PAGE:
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The Best Tarte Au Chocolat In Paris

I said, “Come at eight.” She said, “What can I bring?” I said, “Dessert.”

In Paris, bringing dessert means a simple trip to a local Pâtisserie where you can select something beautiful and delicious, the clerk will wrap it carefully in a box made just to fit, tie it up with a pretty ribbon and send you on your way. It’s one of the easiest things a dinner guest can do and certainly one of the most fun.

Little did I know that the most incredible Tarte au Chocolat I have ever seen or tasted would be inside the thin square box with the pretty gold ribbon.

There is no shortage of fabulous pastry experts in town. Almost every bakery does at least and above-average job of producing an assortment of delectable (what I call) “eye candy.” When my mother visits, I have to drag her away from every pâtisserie window in Paris. She just stares and feels guilty for her desire to eat every “petit four.”

Saturday mornings on route to Parler Parlor at Eurocentres, I stop at Carton on rue Buci (number 6) for the finest croissant 90 centimes can buy. It’s so buttery, that before I can finish it, the paper it’s been wrapped in is soaked through. It absolutely melts in your mouth.

For more than 20 years I’ve been visiting Gérard Mulot at the corner of rue de Seine and rue Lobineau. Their display of delicacies is one of the city’s most beautiful. There is always a line to order up something really decadent and I used to think their Tarte au Chocolat was the best. I was mistaken.

Everyone knows Ladurée has the best macaroons, and Pierre Hermé’s new shop on rue Bonaparte (number 72) has a “Cérise sur le Gateau” worth admiring (if not indulging in). L’ éclair au chocolat at La Maison du Chocolat (19, rue de Sèvres) everyone says is “light as the wind” and Poîlane at 8, rue du Cherche Midi makes the best Tarte aux Pommes.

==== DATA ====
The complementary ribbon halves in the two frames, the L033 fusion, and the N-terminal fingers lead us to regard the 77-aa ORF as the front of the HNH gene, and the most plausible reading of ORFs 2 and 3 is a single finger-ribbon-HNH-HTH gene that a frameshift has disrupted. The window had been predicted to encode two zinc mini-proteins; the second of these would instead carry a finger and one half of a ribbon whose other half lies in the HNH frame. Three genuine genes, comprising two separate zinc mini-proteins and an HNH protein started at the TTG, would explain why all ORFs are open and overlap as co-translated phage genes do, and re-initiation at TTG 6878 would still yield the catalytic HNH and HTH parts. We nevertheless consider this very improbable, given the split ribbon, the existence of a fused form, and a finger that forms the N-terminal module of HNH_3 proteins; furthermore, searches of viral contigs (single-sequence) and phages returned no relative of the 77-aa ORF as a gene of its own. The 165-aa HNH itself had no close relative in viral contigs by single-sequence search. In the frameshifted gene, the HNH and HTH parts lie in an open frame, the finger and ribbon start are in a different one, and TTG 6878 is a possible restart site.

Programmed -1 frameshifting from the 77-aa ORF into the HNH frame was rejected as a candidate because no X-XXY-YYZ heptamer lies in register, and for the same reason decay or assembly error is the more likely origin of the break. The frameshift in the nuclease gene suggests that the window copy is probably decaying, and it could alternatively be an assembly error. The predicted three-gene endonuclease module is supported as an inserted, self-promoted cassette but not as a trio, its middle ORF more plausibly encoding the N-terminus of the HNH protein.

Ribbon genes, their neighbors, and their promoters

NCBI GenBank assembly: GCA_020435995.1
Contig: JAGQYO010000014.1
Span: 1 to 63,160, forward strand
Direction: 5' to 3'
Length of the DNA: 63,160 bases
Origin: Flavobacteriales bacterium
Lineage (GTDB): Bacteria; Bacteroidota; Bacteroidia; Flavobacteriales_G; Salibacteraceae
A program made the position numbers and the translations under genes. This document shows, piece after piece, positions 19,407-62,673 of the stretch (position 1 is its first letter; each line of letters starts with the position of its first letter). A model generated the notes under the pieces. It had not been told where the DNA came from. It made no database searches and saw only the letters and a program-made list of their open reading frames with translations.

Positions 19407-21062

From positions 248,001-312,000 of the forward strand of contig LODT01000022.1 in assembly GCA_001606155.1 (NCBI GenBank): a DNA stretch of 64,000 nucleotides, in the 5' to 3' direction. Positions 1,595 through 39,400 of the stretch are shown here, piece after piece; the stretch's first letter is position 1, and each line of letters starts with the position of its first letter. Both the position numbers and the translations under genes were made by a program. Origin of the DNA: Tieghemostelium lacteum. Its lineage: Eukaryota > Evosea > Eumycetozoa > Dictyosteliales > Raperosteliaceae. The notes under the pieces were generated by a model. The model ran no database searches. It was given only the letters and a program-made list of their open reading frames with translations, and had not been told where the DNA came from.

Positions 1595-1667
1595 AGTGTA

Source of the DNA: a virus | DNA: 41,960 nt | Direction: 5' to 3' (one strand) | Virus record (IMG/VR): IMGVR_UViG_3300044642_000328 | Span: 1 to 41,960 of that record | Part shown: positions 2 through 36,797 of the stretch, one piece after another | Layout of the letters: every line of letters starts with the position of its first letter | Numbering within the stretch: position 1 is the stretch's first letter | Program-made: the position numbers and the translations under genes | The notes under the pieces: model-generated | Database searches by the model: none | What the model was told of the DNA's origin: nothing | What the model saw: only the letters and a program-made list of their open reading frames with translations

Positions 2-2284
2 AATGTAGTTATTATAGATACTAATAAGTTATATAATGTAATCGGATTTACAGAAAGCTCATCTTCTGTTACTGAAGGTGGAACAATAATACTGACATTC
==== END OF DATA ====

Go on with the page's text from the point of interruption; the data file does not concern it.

But I’ve never had a Tarte aux Chocolat quite like this one. On top, it was decorated with fresh “groseilles” (red currants), chopped pistachios, a log made of a thin layer of white chocolate rolled into shape and bits of gold leaf. The pastry bottom was flaky, but held together in a solid way,
so you could pick it up with your fingers and it

wouldn’t fall apart. The chocolate filling was creamy and not too sweet. The texture was perfect.

We all agreed, it was the best. And who made it? Eric Brunet at Au Bon Panneton, 105, rue Saint-Charles (at the corner of rue de l’Eglise), 15th,

A la prochaine…

Adrian Leeds
Editor, Parler Paris
E-mail: [email protected]

P.S. Coming soon…our newest on-line publication…”French Insider”…with a regular interactive column by Eva Lee called “Crème de la Crème” — the best France has to offer in any category that strike’s Eva’s fancy. To be notified about the launch of French Insider, email me at French_Insider.


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